Top Line: Maybe molecular classification can help clarify results of PORTEC 3.
The Study: PORTEC3 compared adjuvant radiation alone to adjuvant chemoradiation for women with high-risk endometrial cancer, defined as stage I + grade 3 + deep invasion or LVI, any stage II-III, or any stage I-III serous or clear cell histology. Initial analysis showed that adding chemo improved failure-free survival with a strong benefit among women with stage III disease or age >70, and a later analysis showed an improvement in overall survival driven by those with stage III disease and serous histology. In this secondary analysis, 97% of PORTEC3 tumors were classified into four molecular subgroups: p53-abnormal (p53abn, 23%), POLE-ultramutated (POLEmut, 12%), mismatch repair-deficient (MMRd, 33%), and no specific molecular profile (NSMP, 32%). Compared to the overall population, there was a disproportionately high number of serous tumors in the p53abn group, grade 3 endometrioid tumors in the POLEmut group, and grade 1-2 endometrioid tumors in the NSMP group. MMRd was predominately endometrioid of all grades. P53abn patients had the worst clinical outcomes with less than half (48%) free from recurrence and just over half (54%) alive at 5 years. On the other hand, there was only one recurrence and death in the POLEmut group for a 5-year RFS and OS rate of 98%. Outcomes for MMRd and NSMP fell in the middle: RFS 70-75% and OS 80-90%. So, how did each group fare with the addition of chemo? As expected, there was no chemo benefit for POLEmut and neither with MMRd or NSMP. On the other hand, p53abn saw a 23% absolute improvement in 5-year RFS and OS with the addition of chemo..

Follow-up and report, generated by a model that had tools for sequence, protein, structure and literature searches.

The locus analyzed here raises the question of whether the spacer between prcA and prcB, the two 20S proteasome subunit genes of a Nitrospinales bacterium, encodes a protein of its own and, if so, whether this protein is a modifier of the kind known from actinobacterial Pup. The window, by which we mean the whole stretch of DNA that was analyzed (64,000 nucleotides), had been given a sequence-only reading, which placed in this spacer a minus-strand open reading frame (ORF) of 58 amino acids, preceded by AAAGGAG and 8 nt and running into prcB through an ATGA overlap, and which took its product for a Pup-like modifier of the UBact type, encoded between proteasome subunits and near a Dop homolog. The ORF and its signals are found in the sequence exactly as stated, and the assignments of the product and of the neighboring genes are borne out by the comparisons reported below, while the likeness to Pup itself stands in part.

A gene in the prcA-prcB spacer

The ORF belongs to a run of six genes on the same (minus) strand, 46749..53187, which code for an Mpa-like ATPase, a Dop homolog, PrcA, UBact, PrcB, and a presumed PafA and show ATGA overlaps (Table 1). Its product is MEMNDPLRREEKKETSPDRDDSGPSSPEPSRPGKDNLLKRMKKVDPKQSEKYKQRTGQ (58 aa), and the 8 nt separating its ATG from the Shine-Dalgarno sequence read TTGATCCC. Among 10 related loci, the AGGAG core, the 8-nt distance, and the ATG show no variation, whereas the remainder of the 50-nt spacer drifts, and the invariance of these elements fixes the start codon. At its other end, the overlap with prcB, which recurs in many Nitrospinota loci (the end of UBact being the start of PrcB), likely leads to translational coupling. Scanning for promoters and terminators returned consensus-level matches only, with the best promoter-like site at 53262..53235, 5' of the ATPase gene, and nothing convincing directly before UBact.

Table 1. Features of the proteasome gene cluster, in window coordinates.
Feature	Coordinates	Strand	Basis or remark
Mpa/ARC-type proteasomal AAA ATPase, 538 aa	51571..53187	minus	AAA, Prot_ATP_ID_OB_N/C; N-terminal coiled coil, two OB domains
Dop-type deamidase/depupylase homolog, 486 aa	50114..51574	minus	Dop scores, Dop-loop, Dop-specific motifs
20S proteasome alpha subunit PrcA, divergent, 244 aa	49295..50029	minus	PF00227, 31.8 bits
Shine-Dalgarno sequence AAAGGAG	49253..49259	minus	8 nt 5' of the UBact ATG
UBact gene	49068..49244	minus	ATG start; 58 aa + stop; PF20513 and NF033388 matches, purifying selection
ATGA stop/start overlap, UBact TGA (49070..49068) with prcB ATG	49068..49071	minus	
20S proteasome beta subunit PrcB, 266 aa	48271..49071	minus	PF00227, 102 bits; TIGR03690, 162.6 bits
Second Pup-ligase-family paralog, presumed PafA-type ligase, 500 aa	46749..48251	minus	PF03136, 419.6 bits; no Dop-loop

TBL: Molecular classification of high-risk endometrial cancer is prognostic of clinical outcomes and predictive of the benefit of chemotherapy. | Leon-Castillo, J Clin Oncol 2020